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A Child's Journey to Mental Health

This article was written by Morgan Forrester Ray and published on NCChild.org.



Early life experiences play a critical role in setting up children for a lifetime of good mental health.


As we address the children’s mental health crisis, it’s important to look to our youngest children. For them, supporting mental health throughout life means supporting their familiesearly in life. North Carolina’s parents and caregivers need partners to help them navigate the foundational early years, to build resilience and strong mental health that can last children a lifetime.


An interconnected web of services and programs is supposed to fill that need – but for many, that web is tangled and hard to find, understand, and pay for. The EarlyWell Initiative is focused on removing those barriers, so that families have what they need to thrive and raise resilient kids.


New Report Traces the Journey of a Young Child

With the support of The Duke Endowment and Alliance for Early Success, EarlyWell has released a new report on how North Carolina’s policies and services can better support families to build their children’s mental health during their early years. The recommendations grow out of a robust and family-centered stakeholder process. They will lead to future policy recommendations and advocacy.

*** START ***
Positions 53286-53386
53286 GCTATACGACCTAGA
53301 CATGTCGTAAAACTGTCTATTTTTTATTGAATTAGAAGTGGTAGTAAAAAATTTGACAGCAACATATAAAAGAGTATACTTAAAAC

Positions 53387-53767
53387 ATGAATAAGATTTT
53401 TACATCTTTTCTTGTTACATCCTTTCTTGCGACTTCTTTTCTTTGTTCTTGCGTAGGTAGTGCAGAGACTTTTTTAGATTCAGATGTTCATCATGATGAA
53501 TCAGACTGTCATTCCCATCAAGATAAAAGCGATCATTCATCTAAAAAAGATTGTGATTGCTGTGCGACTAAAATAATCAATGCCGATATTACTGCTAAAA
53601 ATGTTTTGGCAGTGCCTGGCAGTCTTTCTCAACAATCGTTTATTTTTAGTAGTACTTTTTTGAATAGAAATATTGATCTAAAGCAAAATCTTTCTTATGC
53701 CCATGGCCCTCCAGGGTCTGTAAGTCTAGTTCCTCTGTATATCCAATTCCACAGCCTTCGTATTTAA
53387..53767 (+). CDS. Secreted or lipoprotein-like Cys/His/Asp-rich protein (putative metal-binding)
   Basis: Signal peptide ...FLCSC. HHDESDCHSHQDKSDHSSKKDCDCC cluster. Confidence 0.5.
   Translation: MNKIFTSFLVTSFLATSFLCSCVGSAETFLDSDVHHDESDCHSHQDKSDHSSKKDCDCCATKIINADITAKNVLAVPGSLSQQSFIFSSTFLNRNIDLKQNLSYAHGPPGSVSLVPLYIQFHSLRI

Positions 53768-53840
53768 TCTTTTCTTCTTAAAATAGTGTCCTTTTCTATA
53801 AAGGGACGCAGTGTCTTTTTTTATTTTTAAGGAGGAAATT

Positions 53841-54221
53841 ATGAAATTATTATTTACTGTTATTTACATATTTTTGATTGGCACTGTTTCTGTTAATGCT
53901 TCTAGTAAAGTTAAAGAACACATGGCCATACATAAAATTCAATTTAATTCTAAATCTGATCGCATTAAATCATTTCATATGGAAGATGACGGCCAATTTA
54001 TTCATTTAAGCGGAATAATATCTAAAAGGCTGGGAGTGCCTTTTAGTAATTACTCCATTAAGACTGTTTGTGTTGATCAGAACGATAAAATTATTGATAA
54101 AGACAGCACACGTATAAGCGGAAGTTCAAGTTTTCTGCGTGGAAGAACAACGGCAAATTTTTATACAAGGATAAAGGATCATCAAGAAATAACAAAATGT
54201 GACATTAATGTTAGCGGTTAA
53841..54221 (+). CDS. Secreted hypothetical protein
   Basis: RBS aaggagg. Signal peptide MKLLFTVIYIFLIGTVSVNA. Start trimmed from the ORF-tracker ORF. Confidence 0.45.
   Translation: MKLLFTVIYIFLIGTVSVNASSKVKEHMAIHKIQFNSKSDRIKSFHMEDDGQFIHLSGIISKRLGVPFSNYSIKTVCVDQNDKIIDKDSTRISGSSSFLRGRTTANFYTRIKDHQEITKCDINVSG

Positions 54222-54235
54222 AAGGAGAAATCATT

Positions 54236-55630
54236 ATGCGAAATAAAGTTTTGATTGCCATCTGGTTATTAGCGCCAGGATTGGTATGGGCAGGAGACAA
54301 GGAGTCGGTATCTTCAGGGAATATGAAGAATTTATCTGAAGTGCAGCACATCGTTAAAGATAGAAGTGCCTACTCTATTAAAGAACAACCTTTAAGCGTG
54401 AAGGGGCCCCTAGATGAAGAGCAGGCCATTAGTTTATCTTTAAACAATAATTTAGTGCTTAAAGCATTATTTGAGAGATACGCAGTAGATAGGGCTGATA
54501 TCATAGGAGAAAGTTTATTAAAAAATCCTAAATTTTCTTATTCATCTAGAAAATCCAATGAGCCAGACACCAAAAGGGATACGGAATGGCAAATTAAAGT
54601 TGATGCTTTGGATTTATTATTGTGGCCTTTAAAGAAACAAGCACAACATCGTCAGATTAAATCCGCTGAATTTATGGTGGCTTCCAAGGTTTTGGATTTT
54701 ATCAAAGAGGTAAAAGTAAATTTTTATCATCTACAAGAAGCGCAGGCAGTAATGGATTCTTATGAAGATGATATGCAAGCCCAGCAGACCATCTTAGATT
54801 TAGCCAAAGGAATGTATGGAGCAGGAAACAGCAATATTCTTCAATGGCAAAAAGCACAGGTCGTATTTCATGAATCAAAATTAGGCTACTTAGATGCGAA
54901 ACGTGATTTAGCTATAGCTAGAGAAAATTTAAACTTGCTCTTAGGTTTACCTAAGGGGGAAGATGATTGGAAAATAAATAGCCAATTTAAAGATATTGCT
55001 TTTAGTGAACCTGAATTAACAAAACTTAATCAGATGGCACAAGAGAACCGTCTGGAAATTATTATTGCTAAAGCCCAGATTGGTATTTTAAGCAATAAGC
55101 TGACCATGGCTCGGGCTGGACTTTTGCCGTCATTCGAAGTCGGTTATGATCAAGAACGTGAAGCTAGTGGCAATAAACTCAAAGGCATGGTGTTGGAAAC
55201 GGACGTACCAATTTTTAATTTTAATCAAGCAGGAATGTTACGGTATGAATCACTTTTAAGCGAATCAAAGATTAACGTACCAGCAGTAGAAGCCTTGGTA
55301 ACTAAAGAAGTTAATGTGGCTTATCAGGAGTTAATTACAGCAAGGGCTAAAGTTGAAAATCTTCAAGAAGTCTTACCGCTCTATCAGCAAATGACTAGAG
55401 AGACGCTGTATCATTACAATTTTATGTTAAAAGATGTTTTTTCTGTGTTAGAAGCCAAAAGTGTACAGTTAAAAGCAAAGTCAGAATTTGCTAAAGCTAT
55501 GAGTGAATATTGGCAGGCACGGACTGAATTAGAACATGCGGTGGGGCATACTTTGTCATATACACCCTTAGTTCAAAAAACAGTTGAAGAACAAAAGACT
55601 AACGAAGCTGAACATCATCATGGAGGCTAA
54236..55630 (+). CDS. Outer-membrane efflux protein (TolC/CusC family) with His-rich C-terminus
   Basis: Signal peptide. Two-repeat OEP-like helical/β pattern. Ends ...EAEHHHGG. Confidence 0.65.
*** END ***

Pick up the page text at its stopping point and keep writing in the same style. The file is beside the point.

Read about EarlyWell’s recommendations for supporting kids and families on each stage of the journey in the new report, From Equity to Issue Campaigns: The Next Stop on the Road Map to Childhood Mental Health in North Carolina.



Stages in the Journey

The recommendations are rooted in the journey that kids and families take together, starting before birth. They cover changes needed both to policies and programs, and are grouped together around these important stages in a young child’s journey:

  • Preconception, pregnancy & birth

  • The first three years

  • Child care transition

  • When kids need intervention & treatment

  • Beyond age three

  • Family economic security

The recommendations in this report come directly from the wisdom of two main groups: (1) the families of young children who are now or have been part of the programs and services described here; and (2) dozens of professional stakeholders who work in these systems, from child care providers and pediatricians to state officials. I am so grateful to all of these stakeholders for their time and hard work to envision a better way to serve and support families of young children.  


Looking forward

The EarlyWell Initiative’s next step is to turn these recommendations into a plan of action for changing policy and practice in North Carolina. Parents, practitioners, and EarlyWell stakeholders will be moving from recommendation to solutions and action. Contact me if you’re interested in joining this journey. North Carolina’s youngest kids and their families deserve our best efforts.



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